If, however, you are a fan of acoustic Stills and like to hear him in good voice,you should give this one a listen.
Josef S. Olsavsky
Great solo showcase for Stephen Stills with a new batch of songs, about to be unleashed (some of them) with CSN.
H. M Rivera

Most Helpful Customer Reviews

118 of 118 people found the following review helpful By J. Gemmill on July 11, 2007
Format: Audio CD Verified Purchase
First, a little context: in April '68, the 23-year-old Stephen Stills is nearing the end of his Buffalo Springfield days - in less than two weeks (May 5th), that fabled group will play its final concert, w/the band's patched-together final LP, Last Time Around, being released that August. While Crosby, Stills & Nash is (obviously) on the horizon, at this juncture it's by no means definitive - Nash is still w/the Hollies, after all; and Crosby and Stills, while pals, have yet to commit to a partnership together. In other words, for Stills - everything's in flux.

So what's a young singer-songwriter-guitarist to do? Apparently, after a session guesting on Judy Collins' "Who Knows Where the Time Goes" album, it's slipping the engineer a couple hundred bucks so that he can lay down demos of a handful of new songs ... and what songs! "Suite: Judy Blue Eyes," "Helplessly Hoping" and the Crosby, Stills and Kantner-penned "Wooden Ships" turn up the following spring on Crosby, Stills & Nash's debut; "Black Queen" graces Stills' first solo LP; "Change Partners" and "Know You Got to Run" highlight his second solo album; and "So Begins the Task," which he played live with CSNY in '69 and '70, appears on the classic two-LP Manassass set. "Treetop Flyer" (which was recorded elsewhere) shows up on Stills' overlooked 1991 acoustic set, "Stills Alone."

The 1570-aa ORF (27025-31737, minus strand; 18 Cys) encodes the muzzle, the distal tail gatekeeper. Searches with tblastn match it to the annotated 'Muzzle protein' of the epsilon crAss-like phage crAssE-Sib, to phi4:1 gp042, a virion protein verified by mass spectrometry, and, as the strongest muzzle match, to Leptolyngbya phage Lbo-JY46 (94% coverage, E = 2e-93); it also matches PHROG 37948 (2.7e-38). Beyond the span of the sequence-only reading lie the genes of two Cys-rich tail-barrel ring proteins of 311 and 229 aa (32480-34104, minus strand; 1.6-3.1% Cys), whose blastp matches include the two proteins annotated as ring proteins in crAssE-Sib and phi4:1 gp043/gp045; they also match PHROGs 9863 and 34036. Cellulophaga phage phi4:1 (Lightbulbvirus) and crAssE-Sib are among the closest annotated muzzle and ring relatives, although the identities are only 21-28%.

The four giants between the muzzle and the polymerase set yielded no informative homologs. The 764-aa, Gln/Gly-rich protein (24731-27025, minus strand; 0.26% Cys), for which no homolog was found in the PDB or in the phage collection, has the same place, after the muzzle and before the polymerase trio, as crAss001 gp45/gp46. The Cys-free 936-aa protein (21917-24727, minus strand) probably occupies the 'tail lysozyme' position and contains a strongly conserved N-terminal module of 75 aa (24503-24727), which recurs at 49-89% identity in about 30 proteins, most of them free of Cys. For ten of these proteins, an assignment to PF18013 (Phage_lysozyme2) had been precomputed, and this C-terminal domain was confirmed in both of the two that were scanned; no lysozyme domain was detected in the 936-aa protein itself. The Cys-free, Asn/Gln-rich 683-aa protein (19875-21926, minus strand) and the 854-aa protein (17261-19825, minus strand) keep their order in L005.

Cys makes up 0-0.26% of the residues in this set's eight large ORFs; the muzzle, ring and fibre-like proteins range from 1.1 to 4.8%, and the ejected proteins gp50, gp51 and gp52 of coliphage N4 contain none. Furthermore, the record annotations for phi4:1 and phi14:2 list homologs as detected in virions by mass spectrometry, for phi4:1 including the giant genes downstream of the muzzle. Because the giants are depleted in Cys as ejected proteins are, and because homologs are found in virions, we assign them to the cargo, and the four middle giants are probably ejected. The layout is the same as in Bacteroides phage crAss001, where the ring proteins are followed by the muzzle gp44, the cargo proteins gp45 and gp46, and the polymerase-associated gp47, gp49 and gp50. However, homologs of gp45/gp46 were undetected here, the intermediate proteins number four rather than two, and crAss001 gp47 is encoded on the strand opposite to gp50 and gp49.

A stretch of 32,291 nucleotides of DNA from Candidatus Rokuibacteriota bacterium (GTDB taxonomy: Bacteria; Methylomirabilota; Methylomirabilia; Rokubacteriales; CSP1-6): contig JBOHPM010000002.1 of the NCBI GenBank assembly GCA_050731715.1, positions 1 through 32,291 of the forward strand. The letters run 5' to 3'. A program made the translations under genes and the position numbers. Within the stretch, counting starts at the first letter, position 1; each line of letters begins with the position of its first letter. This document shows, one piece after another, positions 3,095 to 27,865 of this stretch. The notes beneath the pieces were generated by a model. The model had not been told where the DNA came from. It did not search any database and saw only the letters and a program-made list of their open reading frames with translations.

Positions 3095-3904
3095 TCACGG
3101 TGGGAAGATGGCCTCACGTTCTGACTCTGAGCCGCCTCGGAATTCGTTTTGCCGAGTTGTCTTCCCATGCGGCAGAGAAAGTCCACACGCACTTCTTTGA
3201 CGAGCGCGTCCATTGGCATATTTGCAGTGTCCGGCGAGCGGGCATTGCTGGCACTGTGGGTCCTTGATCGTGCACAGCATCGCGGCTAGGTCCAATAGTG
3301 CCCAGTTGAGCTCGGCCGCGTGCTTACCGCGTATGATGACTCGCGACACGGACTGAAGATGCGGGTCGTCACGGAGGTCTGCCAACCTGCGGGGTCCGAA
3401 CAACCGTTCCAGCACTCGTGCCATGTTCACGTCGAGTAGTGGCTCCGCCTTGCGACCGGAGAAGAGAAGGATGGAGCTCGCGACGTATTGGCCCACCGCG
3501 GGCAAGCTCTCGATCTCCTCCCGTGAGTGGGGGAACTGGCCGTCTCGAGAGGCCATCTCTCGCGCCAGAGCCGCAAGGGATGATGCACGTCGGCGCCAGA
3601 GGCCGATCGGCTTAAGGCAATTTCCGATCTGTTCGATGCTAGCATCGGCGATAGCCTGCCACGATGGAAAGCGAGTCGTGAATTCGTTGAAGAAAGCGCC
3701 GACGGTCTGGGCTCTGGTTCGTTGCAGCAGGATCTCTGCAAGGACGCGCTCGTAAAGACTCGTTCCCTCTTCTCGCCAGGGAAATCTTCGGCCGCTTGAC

I add the context just so I could say this: "Just Roll Tape" is a tremendous set that shows Stills at the peak of his song-writing prowess. While it may not be the perfect pick for casual fans or neophytes, for those of us who are the opposite, it's a godsend. It's unbelievable that some of these (like "Change Partners") were held back for years and others ("All I Know Is What You Tell Me," "The Doctor Will See You Now," "Judy" and "Dreaming of Snakes") were left behind.

Let's hope this is the first of many releases from Stills' vault.
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50 of 50 people found the following review helpful By Josef S. Olsavsky on July 10, 2007
Format: Audio CD
If you're looking for polished studio material, this cd is not for you. If, however, you are a fan of acoustic Stills and like to hear him in good voice,you should give this one a listen. This is just Stills with a guitar. As advertised, this cd contains material left behind from an impromptu recording session which followed the recording of a Judy Collins album. Not surprisingly, there is a previously unheard version of Suite: Judy Blue Eyes. With no harmonies to accompany it, it may sound a bit bare at first, but Stills is in fine voice throughout this product and he is hitting notes much higher than I remember ever before. He has added another rather simple love song simply entitled Judy. Altogether, there are five previously unheard tracks, two of which are great: The Doctor Will See You Now opens with a Neil Young sounding riff. It also features a high-pitched voice, one that is amazingly in tune; Bumblebee is a fun, upbeat number. Helplessly Hoping, Wooden Ships and Know You Got to Run all sound different without the csn harmonies, but all are good. Wooden Ships does not contain the entire song as csn recorded it, but is still quite listenable. Helplessly Hoping is great even without the harmonies; it would have been a hit either way. The cd also contains different versions of Change Partners and Manassas's So Begins the Task. A longer version of Treetop Flyer is included, probably to capitalize on the song's current popularity. It is not a part of the 1968 sessions as is evident in the voice. Any fan of early Stills will be pleased with this effort.